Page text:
Second graders visit North Harford; Food for America day tradition continues

Amy Grace is a second grade teacher.
She loved seeing her young students so
engaged at the Food for America event.

Summer Grace

Amy Grace is a second grade teacher. She loved seeing her young students so engaged at the Food for America event.


On May 2- 3, the Ag department hosted second graders from Harford County for their annual Food for America
event. Mrs. Aimee Densmore and Mrs. Dana Morton were the teachers in charge of overseeing the execution of
the event.
This event has become a year-to-year tradition at North Harford High School. Future Farmers of
America has been at North Harford since 1951. This is the FFA’s 13 year of hosting this tradition. There
are two sessions that occur (spring and fall) that are two- days long for a total of four days. This year there were
about 25 stations and around 2,200 second graders
in total visited.
Densmore adds many different schools came together during these two days, such as Jarrettsville, Forest
Hill, Bel Air, Norrisville, Church Creek, Bakerfield, Homestead Wakefield,, North Harford, Fountain Green
Elementary, Churchville, Magnolia, Deerfield, Youth’s Benefit, and Edgewood. These students split into many
different groups for the hour and a half they were here and were educated on topics such as the importance of
General Agriculture, Animal Science, Plant Science and Horticulture, and Safety and Environmental Stewardship.
“This program aligns with their curriculum and they learn an appreciation for agriculture.’’
There were many interactive stations set up for the students, including milking a model cow and closely
observing various species of livestock and small animals including horses, cows, hogs, sheep, goats, rabbits,
Also, newders as well. this year was the fishing station. ‘’Most students had never been fishing before,’’ says
Densmore. Various farm equipment was also on display for the second gra
Along with the reptile station and the Aquaculture lab station, there were also stations for every animal in
the barn like the one at the pig barn and other ones for animals students brought in. However, the stations
weren’t just for animals, there was also stations by the greenhouse, pond and bee hives.
Most of the teachers attending this event thought Food for America day was a great experience for
the students. Second grade teacher Amy Grace says, ‘’It was wonderful for our students to explore their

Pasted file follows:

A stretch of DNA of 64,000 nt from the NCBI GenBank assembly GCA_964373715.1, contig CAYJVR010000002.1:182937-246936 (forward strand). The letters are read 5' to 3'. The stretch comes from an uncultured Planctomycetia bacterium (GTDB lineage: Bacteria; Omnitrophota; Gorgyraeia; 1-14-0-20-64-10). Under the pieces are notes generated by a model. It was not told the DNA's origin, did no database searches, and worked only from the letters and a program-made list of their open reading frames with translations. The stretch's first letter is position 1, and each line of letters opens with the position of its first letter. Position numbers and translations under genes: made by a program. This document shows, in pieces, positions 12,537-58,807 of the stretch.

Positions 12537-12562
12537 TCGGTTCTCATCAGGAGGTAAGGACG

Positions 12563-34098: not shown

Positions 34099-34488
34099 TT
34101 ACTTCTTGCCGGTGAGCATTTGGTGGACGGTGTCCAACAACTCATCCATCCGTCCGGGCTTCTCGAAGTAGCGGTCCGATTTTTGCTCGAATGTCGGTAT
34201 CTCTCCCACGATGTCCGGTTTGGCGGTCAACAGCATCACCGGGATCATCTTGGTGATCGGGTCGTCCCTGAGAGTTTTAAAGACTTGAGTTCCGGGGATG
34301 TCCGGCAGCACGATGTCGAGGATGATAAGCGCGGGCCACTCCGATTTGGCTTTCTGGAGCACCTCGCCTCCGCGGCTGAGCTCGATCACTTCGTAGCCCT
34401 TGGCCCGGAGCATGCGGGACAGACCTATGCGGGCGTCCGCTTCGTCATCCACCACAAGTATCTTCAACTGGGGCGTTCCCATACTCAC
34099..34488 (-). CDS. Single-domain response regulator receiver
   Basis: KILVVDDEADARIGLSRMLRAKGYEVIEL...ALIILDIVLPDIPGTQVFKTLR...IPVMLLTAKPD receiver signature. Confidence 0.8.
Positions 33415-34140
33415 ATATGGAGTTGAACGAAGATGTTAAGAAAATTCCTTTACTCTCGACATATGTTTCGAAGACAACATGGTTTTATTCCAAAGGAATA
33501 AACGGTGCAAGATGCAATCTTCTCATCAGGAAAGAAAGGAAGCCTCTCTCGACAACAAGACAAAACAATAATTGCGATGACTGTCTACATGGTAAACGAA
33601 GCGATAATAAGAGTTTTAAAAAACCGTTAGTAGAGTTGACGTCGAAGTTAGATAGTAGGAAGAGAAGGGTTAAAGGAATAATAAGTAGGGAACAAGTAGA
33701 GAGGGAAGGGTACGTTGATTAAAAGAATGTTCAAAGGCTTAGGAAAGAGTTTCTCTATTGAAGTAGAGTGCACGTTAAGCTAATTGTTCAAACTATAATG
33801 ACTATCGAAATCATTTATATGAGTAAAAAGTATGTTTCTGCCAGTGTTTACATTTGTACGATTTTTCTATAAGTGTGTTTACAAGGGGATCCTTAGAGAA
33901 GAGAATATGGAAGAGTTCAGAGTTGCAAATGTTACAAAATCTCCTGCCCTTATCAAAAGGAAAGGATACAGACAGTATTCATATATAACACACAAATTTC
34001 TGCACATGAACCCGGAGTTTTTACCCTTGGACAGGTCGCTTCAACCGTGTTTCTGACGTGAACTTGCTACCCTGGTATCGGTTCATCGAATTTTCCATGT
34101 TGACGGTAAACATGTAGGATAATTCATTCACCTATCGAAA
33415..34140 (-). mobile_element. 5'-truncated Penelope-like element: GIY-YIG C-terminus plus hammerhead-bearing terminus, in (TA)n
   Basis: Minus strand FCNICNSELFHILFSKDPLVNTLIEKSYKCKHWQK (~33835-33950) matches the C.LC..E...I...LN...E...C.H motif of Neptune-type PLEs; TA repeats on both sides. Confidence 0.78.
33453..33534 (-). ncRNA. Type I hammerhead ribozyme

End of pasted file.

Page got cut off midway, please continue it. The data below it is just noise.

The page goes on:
community and participate in so many hands-on learning experiences.’’ Grace also comments, ‘’I was very
impressed with the NHHS dedication to the program. They did an outstanding job engaging out second graders!”
In addition to the teachers thinking this is a great opportunity, the FFA students who ran the event also said they
learned a lot from this experience. Treasurer Chloe Romm says, ‘’This was honestly really fulfilling. I really enjoyed
reading to the little kids and just showing them what agriculture is about.’’
Densmore said the best part of the day was seeing how her students and other students interacted with the
second graders. Junior Christian Hanna said the best part of the day was hanging out with friends and talking to
other students in the programs. Freshman Teagan Flaherty says that the best part of her day was “being able to
talk to the kids about what we do at our school.” She says, “I always love talking about ag and FFA so being able to
teach kids who have never seen a cow or horse was very special.”
The small groups were led by all students, whether it was by themselves or with other students. Flahety
says, “Everyone was very friendly and the kids enjoyed the school, we would usually work two schools everyday.”

Over the course of just two days there was over a thousand second graders from 14 different elementary
schools. These kids came with little to no knowledge on where their hamburger or scrambled eggs came from and
left with a much more expanded knowledge of where the food, they eat every day comes from.